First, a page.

Analysis of harmonic structures is typically presented through a roman numeral analysis. However, over the years, as music and the theory of music have both grown, a multitude of methods of analyzing music have presented themselves. Two very popular methods, Schenkerian analysis and Neo-Riemannian analysis, have dominated much of the field. Schenkerian analysis attempts to "reduce" music through layers of foreground, middleground, and, eventually and importantly, the background. Neo-Riemannian (or Transformational) analysis began as an extension of Hugo Riemann's theories of music, and then expanding Riemann's concepts of pitch and transformation into a mathematically rich language of analysis. While both theories originated as methods of analysis for tonal music, both have been extended to use in non-tonal music as well.

Ear training

Main article: Ear training

Aural skills – the ability to identify musical patterns by ear, as opposed to by the reading of notation – form a key part of a musician's craft and are usually taught alongside music theory. Most aural skills courses train the perception of relative pitch (the ability to determine pitch in an established context) and rhythm. Sight-singing – the ability to sing unfamiliar music without assistance – is generally an important component of aural skills courses. Absolute pitch or perfect pitch describes the ability to recognize a particular audio frequency as a given musical note without any prior reference.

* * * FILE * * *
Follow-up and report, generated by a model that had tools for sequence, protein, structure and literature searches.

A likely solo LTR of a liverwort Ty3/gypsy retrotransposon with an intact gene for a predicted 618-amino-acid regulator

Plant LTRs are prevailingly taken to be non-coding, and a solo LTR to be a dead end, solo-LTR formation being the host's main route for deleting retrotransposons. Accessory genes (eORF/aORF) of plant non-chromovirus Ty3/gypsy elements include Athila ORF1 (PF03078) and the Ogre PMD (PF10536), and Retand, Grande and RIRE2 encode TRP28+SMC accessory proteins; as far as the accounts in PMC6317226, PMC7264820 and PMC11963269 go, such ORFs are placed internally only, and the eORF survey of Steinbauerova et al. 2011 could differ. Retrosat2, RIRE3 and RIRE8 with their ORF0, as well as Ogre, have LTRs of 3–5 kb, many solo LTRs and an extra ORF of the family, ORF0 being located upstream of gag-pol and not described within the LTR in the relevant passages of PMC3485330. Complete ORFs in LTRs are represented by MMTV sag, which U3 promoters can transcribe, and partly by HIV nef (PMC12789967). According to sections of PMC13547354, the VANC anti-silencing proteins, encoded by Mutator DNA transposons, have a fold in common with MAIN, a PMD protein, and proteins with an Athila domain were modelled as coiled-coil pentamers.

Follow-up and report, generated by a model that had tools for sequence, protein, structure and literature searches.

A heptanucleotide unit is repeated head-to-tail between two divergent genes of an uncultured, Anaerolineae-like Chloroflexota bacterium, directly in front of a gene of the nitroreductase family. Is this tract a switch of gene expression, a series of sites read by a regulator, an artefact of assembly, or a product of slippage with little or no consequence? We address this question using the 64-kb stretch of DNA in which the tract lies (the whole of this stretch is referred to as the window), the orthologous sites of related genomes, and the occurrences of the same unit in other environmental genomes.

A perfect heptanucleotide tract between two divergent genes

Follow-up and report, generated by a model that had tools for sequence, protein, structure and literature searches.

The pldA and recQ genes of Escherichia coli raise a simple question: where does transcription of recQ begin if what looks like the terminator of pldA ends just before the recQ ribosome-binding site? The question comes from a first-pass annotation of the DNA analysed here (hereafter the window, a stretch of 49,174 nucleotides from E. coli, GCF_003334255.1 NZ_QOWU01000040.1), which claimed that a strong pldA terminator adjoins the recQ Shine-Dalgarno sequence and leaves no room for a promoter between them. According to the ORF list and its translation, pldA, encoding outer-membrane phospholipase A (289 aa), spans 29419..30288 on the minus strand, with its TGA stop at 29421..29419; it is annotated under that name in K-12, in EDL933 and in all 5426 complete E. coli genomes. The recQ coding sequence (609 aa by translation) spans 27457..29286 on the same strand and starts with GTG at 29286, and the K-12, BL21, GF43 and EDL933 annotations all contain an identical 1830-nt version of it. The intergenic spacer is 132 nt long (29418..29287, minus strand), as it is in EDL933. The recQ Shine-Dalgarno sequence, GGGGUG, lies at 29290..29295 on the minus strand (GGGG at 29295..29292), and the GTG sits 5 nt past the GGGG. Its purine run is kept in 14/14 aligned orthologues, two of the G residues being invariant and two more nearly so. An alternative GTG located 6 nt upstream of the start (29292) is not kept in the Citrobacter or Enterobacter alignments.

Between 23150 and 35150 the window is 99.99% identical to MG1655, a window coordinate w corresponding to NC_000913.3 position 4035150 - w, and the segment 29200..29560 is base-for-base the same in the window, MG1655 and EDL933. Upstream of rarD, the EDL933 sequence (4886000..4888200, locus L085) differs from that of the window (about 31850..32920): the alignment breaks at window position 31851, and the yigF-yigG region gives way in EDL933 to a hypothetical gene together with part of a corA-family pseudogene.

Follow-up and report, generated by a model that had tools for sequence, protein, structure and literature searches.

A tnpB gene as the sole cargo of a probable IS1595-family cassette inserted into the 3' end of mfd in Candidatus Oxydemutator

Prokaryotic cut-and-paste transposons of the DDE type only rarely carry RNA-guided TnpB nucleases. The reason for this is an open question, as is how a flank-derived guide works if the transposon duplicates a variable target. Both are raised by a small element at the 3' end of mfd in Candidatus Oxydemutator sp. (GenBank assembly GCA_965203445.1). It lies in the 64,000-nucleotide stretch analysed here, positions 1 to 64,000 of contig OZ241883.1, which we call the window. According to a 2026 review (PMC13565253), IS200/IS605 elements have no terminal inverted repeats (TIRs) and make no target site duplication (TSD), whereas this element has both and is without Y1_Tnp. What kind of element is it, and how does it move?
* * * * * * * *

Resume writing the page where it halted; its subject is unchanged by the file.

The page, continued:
See also

Notes

Sources

  • Benade, Arthur H. (1960). Horns, Strings, and Harmony. Science Study Series S 11. Garden City, New York: Doubleday & Company, Inc.
  • Boretz, Benjamin (1995). Meta-Variations: Studies in the Foundations of Musical Thought. Red Hook, New York: Open Space.
  • Benward, Bruce, and Marilyn Nadine Saker (2003).[full citation needed]
  • Benward, Bruce, and Marilyn Nadine Saker (2009). Music in Theory and Practice, eighth edition, vol. 2. Boston: McGraw-Hill. ISBN 978-0-07-310188-0.
  • Bent, Ian D., and Anthony Pople (2001). "Analysis." The New Grove Dictionary of Music and Musicians, second edition, edited by Stanley Sadie and John Tyrrell. London: Macmillan Publishers.
  • Castan, Gerd (2009). "Musical Notation Codes". Music-Notation.info (Accessed 1 May 2010).
  • (Accessed 1 May 2010)
  • Harnsberger, Lindsey C. (1997). "Articulation". Essential Dictionary of Music: Definitions, Composers, Theory, Instrument and Vocal Ranges, second edition. The Essential Dictionary Series. Los Angeles: Alfred Publishing Co. ISBN 0-88284-728-7.
  • Jackendoff, Ray and Fred Lerdahl (1981). "Generative Music Theory and Its Relation to Psychology." Journal of Music Theory 25, no.1:45–90.
  • Josephs, Jess L. (1967). The Physics of Musical Sound. Princeton, Toronto, London: D. Van Nostrand Company, Inc.
  • Kliewer, Vernon (1975). "Melody: Linear Aspects of Twentieth-Century Music". In Aspects of Twentieth-Century Music, edited by Gary Wittlich, 270-301. Englewood Cliffs, New Jersey: Prentice-Hall. ISBN 0-13-049346-5.
  • Kostka, Stefan, and Dorothy Payne (2004). Tonal Harmony, fifth edition. New York: McGraw-Hill.
  • Kramer, Jonathan (1988). The Time of Music. New York: Schirmer Books.
  • Lerdahl, Fred (2001). Tonal Pitch Space. Oxford: Oxford University Press.
  • Lewin, David (1987). Generalized Musical Intervals and Transformations. New Haven: Yale University Press.